Lions Gab: Brian Xanders in place to overhaul Lions' scouting schemehttp://www.freep.com/article/20130130/S ... 9/sports01
11:15 AM, January 30, 2013 | Comments
By Anthony Kuehn
Detroit Free Press Special WriterAnthony Kuehn is the editor of the Detroit Lions blog Lions Gab. His opinions do not necessarily reflect those of the Detroit Free Press nor its writers. Get in touch with Anthony at firstname.lastname@example.org or on Twitter @lionsgab.
I decided to put the mailbox on hold this week, after getting some questions and seeing the reaction to the Lions’ move to hire Brian Xanders.
First, Xanders is not going to replace Martin Mayhew. He is going to report to him. Second, Xanders is going to help build an internal scouting system for the Lions, and this is where the questions start.
No, the Lions don’t have an internal scouting system. That does not mean they don’t have a scouting department. That does not mean they don’t scout players. It is not the main reason the Lions have had some bad draft picks.
The Lions actually helped create the NFL’s first scouting service in 1963. It was called LESTO. That stood for Lions Eagles Steelers Talent Organization. In 1964, the Bears joined, and it became BLESTO, then BLESTO-V, when the Vikings joined years later. Currently, the Giants, Redskins, Vikings, Jaguars and Bills use the service, as well as the Lions. Several other scouting organizations formed throughout the years, but now only two exist. In 1977, the three main scouting services combined their player workouts, which created the modern-day NFL combine.
Twenty-seven of the 32 NFL teams use BLESTO or the National Football Scouting organization, with the other five relying on in-house staff only. So as you can see, the Lions are not behind the times nor understaffed nor any of the other misconceptions being thrown around.
NFL scouting services serve a very simple purpose: They help teams gather tons of information with a minimal commitment. Each team in the service is required to commit at least one scout to the organization, and those scouts work as a team to build player biographies and personal profiles. They also build a rough ranking of players and publish the data in reports. These reports then serve as a starting point for the individual teams’ scouting departments, as they try to scout several hundred players in a single year.Lions coach Jim Schwartz worked under two of the greatest talent evaluators in the NFL -- Bill Belichick and Ozzie Newsome -- in Cleveland. When the Browns moved to Baltimore, they fired Belichick as coach but kept Newsome and several other coaches and front-office personnel on board, including Schwartz.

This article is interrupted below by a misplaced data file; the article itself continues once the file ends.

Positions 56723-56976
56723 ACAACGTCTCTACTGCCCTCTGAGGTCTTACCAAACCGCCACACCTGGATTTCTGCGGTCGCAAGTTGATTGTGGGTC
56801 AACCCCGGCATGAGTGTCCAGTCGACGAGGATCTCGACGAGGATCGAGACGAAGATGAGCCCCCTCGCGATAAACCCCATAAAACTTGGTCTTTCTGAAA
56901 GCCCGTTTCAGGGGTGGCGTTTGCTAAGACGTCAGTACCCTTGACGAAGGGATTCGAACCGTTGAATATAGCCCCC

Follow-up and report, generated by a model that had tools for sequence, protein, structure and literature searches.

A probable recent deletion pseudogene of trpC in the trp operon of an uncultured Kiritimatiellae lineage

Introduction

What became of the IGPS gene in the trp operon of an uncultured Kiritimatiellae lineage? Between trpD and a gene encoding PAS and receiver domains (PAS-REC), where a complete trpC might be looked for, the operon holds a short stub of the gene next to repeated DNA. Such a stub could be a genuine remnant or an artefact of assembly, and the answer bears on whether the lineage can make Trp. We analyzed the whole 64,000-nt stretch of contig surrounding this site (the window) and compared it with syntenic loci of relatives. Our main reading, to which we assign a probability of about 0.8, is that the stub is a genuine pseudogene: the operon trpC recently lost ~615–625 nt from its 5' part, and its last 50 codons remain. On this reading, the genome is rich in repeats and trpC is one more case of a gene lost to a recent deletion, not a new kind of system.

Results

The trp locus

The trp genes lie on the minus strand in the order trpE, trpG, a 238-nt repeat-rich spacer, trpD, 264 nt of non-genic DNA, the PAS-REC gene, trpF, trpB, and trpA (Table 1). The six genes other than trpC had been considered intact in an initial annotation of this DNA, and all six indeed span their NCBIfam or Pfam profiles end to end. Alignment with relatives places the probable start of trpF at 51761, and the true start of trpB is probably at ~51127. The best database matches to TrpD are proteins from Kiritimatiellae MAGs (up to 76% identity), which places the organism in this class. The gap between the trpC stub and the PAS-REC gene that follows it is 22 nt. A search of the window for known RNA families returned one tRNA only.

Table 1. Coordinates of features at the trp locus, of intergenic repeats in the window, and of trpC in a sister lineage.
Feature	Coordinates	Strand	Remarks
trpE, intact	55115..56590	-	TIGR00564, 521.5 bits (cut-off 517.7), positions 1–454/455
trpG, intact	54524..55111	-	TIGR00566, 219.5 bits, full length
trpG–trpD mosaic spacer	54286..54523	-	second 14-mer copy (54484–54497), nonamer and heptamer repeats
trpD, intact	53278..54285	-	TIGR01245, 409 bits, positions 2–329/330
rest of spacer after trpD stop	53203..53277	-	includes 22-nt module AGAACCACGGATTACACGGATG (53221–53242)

Belichick and Newsome both run their scouting services in-house, and both have won Super Bowls with that process. I don’t have any inside information on this, but my guess is Schwartz has been pushing for the Lions to bring things in-house for a while, since that is how he cut his teeth in the business. This could be the source of the tension between Schwartz and the front office that was talked about several weeks ago. It is not certain that the Lions will no longer subscribe to BLESTO, but early indications point in that direction.
Xanders helped the Atlanta Falcons build a scouting system, and he has experience in pro and college scouting, as well as coaching. So his addition is not a sign of potential turnover. It is, in fact, the opposite. If the Ford family didn’t think Mayhew and Schwartz were the right men for the job, they certainly wouldn't be making a huge investment in building a new scouting system.
This new system will not be in place for the 2013 draft, and since the bulk of player scouting already has occurred, Xanders’ impact on this draft will not be as dramatic as many think. He will come into the scouting process and help evaluate players at the combine and review film. He will be in draft meetings and help build the draft board. And he will be in the draft room on draft weekend. He won’t be building the new scouting process until after the draft has concluded, so the major changes won’t be in effect until 2014.
These changes will help bolster a front office that is better than fans give it credit for. Draftmetrics.com just did an analysis of all 32 teams' drafts over the last 10 and five years. The Lions ranked 31st in the 10-year period (2003-12), as many fans would expect. However, in the last five drafts, the Lions rank 10th in the NFL, ahead of teams such as the Green Bay Packers, San Francisco 49ers, Falcons, Baltimore Ravens and Pittsburgh Steelers.
The Lions' front office and coaching staff did a remarkable job rebuilding an 0-16 team and taking it to the playoffs. The late Tom Kowalski always said getting a team from bad to good wasn’t the hard part; it was getting them from good to great that was difficult.
The Lions accomplished a lot in three years, then took a step back. They have made some coaching-staff changes, some front-office changes, and they will make several roster changes. Lions fans need to deal with the fact that organizations that consistently win don’t clean house every three to five years, they learn from their mistakes and move forward. Fans should've be upset if the Lions kept the status quo after taking a big step back. But the team actually made some changes and heavily invested in the future, just like the best organizations do.